MAGUS - "Eclectic Earwig Reviews Music and More for You!"
prog rock, jazz fusion, jazz rock, jazz, pysch/trance, space, electronic, ambient, essentially eclectic excellence

Eclectic Earwig Reviews

Multiple Reviews follow . . .

Magus: Highway 375 (CD, 18:42) Sky Pines 0002 1998
Sky Pines Music
180 Mountain Home Park
Brattleboro, VA  05301

Highway 375 is a 20 minute musical journey from the mind and body of
multi-instrumentalist Andrew Robinson - and what an incredibly journey it
is!  Robinson's brand of futuristic space rock combines Porcupine Tree-style
guitar riffs with his own digital synth soundscapes to excellent effect,
creating music that is totally engaging and completely relaxing at the same
time.  The additional fact that Magus manages to make more effective use out
of less than 20 minutes than most space-rock bands can do with an entire
hour makes this effort even more impressive.

Magus' music is never overly-complex, but it is always emotionally moving -
the title track features mellow guitar passages on top of layered keyboards
that invokes a total state of relaxation and serenity. Just when you've
exhaled, Robinson comes at you with "Arrakis (Part 1)" - a disturbing 2
minute exercise in funeral dirge-like keyboard textures - and "Arrakis (Part
2)" - an ethereal trip featuring some very jarring discordant guitar work.
Robinson obviously has great passion for Frank Herbert's epic "Dune" series
of books, as these two tracks do a great job of conveying the sense of
seriousness and grandeur that are the backbone of Herbert's writings. As a
matter of fact, the music here actually is far superior and far more
appropriate than the music that accompanied the 1980 big-screen adaptation
of "Dune".  Magus tastefully closes the CD with the aptly titled "Highway
375 (revisited)," which is an extension of the sonically smooth opening
title track.

On Highway 375, Magus/Andrew Robinson does an incredible job at
exuding true feeling from his music, and I'm surprised that Magus isn't
more popular in the space-rock community. Highway 375 is a great
example of emotions set to music. and if he's able to keep up this level of
compositional quality, the relatively unknown Robinson should enjoy a much
higher-profile status in the progressive community.  Attention fans: The
Sleeper Has Awoken!

- Michael Askounes (

Andrew Robinson: All Instruments

1. Highway 375 (6:09)
2. Arrakis-Dune-Desert Planet (Part 1) (1:50)
3. Arrakis-Dune-Desert Planet (Part 2) (4:37)
4. Highway 375 (Revisited) (5:58)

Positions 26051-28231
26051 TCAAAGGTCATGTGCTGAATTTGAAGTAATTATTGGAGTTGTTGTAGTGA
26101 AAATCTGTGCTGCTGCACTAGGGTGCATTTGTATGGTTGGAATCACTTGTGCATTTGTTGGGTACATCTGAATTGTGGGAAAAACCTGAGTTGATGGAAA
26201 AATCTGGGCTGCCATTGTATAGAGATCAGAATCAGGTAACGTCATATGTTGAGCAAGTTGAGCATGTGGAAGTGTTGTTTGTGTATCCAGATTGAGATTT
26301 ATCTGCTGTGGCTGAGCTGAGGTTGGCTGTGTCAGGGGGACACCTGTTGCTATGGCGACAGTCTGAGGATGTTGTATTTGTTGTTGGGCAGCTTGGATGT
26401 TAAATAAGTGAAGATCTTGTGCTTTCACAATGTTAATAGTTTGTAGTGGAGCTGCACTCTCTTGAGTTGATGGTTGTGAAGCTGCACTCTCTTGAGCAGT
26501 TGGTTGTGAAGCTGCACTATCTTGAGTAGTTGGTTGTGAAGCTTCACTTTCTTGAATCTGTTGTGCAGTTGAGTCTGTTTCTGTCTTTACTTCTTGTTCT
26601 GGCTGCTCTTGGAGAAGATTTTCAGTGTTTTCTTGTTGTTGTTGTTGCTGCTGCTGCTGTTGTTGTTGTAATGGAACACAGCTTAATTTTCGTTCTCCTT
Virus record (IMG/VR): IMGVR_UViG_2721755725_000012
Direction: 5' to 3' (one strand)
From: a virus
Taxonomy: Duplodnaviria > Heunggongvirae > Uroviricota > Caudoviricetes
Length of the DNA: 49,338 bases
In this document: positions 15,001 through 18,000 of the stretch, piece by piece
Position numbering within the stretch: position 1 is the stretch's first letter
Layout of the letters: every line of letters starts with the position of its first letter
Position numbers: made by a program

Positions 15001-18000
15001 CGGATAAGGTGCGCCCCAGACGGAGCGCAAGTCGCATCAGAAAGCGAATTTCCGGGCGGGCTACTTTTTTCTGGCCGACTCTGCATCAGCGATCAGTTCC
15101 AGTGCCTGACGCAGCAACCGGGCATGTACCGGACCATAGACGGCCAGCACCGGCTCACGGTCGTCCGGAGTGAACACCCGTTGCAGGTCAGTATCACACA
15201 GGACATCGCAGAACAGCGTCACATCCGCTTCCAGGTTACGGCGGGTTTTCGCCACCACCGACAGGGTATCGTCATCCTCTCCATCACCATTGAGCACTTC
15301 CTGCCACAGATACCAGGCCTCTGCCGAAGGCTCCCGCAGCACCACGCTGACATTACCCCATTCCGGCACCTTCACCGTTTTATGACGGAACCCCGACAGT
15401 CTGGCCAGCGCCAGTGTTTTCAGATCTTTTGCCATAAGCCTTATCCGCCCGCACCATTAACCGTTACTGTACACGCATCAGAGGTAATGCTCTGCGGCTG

Magus: Traveller Label: InEarVisions (distributed by Sights & Sounds). Andrew Robinson, 1997. Web-site: Magus is Andrew Robinson. Not just because he writes most of the material and plays loads of instruments, but he clearly is the guy shaping the band's vision. And what is this vision, I hear you ask? A slightly schizophrenic one, I reply, though one that is also bold and imaginative. When I first put on Traveller I made the mental note "Alan Parsons Project". By the time the album was over I'd modified that to 80's King Crimson, Ozric Tentacles and even some of the more out-there space-prog/ambient crossover projects. All of which is fused with interesting sounds and ideas derived from middle-eastern world music, creating an album that makes me eager to hear more from Magus. I realize that some effort towards accessibility is a good thing, but Traveller would clearly be a much stronger effort if it's three commercially viable offerings weren't on the record. "You Know The Way", "Nostradamus" and "Into The Unknown" are merely good tracks, suffering just a bit from APP and Pink Floyd FM-friendliness. I find that they dilute the impact of the other tunes. It's the rest of the album that resonates with the voice of the band's identity, making me nod my head as Robinson and crew deliver a heady mix of spacey sonic excursions, led by Robinson's fluid and sometimes delicate guitar work, and excellent (generally) non-bombastic keyboards. The second part of "Until The Sun Burns Out" even has a spoken word narrative delivered over an ambient sea of synth pads; a fascinating contrast to the pulsing drive of the composition's first part. Who might like it? Fans of attempts to fuse world music onto prog. Prog fans who like some techno, as filtered through Ozric Tentacles for example. Fans of The Alan Parson Project's better material might get a lot out of this record. Some Gong and Hawkwind fans might also go for it. Who might dislike it? Those who are resistant to prog rock expanding to incorporate ideas from other genres, especially techniques and sounds from modern techno and world music. The best tracks: "Traveller", "Until The Sun Burns Out", "108 Steps To Babaji" and the twenty minute epic "Rif". The track that best represents Magus' style: "Traveller". Star rating: 3 out of 5. There's much to admire and explore here. Less APP/neo-Genesis would have made it a more focused offering and might well have raised this to 4 stars. Personnel: Andrew Robinson - voices, guitars, basses, bass pedals, keyboards, percussion. Debbie Moore - keyboards, backing vocals. Bryce Chicoine -- drums With: IBP - samples and programming (on "Traveller", "Khyber Pass" and "108 Steps To Babaji"). Jeff Costello - percussion (on "Khyber Pass", "Into The Unknown" and "Rif" [part III]). Paul Schonberg - feedback guitar ("Rif" [part VII]). Joanna - tambourine ("Nostradamus"). Produced by Andrew Robinson. Engineered by Bryce Chicoine. Mixed by Bryce Chicoine and Andrew Robinson. The Tunes: 1. You Know The Way [6:32] 2. Blue Sky, Deep Lake [:53] 3. Traveller [7:25] 4. Khyber Pass [2:35] 5. Nostradamus [3:52] 6. Into The Unknown [5:22] 7. Until The Sun Burns Out [13:27] 8. 108 Steps To Babaji [5:25] 9. Rif [20:02] Steven Davies-Morris (SDM) -- A 21st Century Schizoid Man

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